Divorce Index

FACT New Observatory 060 sm.jpg

We are familiar with idyllic images of the seaside equating everlasting bliss. The data tells a different story. Natasha Caruana used open data to identify coastline towns as the British settings with the highest divorce rates. She pursued further social datasets to try to identify why. ‘Divorce Index’ is a filmic response to her findings. It presents a couple in disheveled wedding clothes performing a curious dance at Hastings’ double deck promenade, Bottle Alley. Each movement is a choreographed gesture interpreting pressures which may affect a marriage, including unemployment, healthcare, libraries, access to higher education and gambling.

The Curtain of Broken Dreams is constructed of long interlinked chains of pawned, discarded wedding rings create a physical representation of 1% of divorces in the UK over a typical 12-month period. As we become physically enmeshed in the evidence of the breakdown of 111,169 relationships, we may ask ourselves if seeking the right conditions as well as the right person is essential to everlasting love, and if we would consider relocating if the data told us there was no hope here.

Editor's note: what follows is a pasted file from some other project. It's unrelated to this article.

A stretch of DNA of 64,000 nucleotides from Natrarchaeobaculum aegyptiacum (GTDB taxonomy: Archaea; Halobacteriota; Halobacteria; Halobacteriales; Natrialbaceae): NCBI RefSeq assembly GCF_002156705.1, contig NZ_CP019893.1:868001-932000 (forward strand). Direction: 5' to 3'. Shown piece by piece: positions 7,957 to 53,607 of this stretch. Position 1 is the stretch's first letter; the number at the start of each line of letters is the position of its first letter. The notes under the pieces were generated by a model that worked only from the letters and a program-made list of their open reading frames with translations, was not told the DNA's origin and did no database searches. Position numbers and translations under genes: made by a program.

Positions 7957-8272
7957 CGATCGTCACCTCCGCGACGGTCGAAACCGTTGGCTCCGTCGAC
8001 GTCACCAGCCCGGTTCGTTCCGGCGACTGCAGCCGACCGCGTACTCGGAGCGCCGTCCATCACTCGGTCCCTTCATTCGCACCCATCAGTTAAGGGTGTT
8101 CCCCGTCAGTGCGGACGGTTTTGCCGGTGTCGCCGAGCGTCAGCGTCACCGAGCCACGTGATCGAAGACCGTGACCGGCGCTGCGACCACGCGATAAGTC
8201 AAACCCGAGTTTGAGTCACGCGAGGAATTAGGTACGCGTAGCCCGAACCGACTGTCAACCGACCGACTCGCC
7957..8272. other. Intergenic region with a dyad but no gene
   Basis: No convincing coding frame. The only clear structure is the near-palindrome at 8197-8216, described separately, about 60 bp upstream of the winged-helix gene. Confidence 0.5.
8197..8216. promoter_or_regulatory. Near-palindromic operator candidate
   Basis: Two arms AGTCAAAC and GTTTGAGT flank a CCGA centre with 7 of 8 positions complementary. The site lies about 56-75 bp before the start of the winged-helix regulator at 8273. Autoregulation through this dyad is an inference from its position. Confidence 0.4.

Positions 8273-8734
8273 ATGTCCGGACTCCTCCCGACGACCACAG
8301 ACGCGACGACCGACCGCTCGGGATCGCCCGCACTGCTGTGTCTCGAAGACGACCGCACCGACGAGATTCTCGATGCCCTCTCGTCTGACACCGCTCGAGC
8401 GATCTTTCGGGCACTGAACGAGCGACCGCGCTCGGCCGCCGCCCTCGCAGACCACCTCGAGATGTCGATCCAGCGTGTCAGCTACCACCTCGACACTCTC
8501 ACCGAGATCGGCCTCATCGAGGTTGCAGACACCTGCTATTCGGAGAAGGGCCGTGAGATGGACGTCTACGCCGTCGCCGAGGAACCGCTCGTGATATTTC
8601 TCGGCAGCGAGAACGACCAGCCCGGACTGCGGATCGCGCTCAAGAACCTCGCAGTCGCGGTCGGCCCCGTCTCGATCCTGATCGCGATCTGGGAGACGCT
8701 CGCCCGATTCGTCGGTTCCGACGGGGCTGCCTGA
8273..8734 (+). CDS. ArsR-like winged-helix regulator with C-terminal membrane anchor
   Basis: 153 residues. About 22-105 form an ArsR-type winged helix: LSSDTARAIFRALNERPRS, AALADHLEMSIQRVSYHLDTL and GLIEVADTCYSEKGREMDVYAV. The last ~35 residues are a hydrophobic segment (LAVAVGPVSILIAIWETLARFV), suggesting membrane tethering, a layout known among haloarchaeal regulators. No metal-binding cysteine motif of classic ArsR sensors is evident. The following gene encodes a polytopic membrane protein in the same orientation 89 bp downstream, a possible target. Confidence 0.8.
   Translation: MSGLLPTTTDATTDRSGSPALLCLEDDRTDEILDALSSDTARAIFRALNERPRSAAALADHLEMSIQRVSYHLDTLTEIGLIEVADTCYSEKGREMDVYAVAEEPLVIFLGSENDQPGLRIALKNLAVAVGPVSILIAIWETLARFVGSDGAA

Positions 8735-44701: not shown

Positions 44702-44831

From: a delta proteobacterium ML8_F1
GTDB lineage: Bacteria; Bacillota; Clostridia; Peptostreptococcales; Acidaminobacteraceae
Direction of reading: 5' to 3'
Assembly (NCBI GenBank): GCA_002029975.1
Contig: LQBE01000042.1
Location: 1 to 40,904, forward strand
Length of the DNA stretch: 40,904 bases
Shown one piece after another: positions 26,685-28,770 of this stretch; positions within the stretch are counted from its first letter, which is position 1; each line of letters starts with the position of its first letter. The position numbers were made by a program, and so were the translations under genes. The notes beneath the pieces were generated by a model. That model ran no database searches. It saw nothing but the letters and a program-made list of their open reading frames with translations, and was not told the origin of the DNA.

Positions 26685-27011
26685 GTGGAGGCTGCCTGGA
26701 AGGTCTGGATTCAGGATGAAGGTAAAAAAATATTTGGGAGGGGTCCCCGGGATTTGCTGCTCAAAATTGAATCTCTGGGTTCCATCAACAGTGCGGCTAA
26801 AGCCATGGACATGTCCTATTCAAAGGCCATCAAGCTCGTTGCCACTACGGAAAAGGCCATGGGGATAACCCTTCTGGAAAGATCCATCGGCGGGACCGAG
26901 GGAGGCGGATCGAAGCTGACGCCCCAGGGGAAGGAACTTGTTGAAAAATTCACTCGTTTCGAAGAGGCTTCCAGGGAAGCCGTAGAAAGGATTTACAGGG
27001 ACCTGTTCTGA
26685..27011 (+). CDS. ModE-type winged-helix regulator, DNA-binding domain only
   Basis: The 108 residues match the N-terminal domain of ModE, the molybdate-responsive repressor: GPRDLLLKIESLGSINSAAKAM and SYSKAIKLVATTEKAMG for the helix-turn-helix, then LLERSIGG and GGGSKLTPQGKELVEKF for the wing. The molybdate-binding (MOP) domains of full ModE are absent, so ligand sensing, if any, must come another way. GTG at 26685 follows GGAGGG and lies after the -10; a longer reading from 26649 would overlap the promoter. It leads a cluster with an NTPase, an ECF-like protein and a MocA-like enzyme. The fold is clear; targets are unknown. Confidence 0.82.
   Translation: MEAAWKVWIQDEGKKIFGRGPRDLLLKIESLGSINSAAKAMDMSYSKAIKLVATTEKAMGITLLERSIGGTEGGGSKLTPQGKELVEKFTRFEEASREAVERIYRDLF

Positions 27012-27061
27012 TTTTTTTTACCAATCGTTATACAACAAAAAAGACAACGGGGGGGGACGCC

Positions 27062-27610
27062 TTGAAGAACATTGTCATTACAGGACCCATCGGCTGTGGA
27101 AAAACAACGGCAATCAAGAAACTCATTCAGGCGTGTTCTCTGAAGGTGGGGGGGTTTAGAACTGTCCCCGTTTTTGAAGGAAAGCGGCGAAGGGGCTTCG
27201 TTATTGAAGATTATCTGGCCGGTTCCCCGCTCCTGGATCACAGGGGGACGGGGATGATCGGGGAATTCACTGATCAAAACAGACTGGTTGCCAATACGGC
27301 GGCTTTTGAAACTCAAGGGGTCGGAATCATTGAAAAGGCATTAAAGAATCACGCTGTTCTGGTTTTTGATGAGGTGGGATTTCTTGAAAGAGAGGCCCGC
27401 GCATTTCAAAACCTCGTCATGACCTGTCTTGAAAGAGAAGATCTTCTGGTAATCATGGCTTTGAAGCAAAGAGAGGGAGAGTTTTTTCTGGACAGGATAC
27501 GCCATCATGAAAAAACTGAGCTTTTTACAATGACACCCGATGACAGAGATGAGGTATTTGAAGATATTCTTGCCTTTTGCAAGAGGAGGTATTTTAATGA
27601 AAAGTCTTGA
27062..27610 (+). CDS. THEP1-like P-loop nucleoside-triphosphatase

Words by Hannah Redler, exhibition catalogue, New Observatory, FACT, UK, 2017

FACT New Observatory Installations 026 sm.jpg

Full Credits: Divorce Index, 2017 

Performers                         Natasha Caruana & Simon Sweetman

Original Score                   Emilie Levienaise-Farrouch

Director                              Natasha Caruana

Producer                            Simon Aeppli

Associate Producer          Sarah Howe 

Editor                                  Simon Aeppli 

Choreographer                 Annie Lok

Camera                               Kate Priestman 

Foley & Sound Mix            Phil Stander

Additional Sound              Claire McDougall 

Colourist                             Phillip Edwin Osborne

Hair & Make up                 Dixie Fitter 

Researchers                         Kate Davies & Phoebe McElhatton 

Trainer                                  Jason Sloane

Jewellers                               Katso Otukile, Dan Russell, Suzanne Seed & Sam Still 

With special thanks to       Debra Allman & Grant McCaig 

Commissioned by the Data as Culture programme at the Open Data Institute (ODI) with the support of Arts Council England and additional funds from the University for the Creative Arts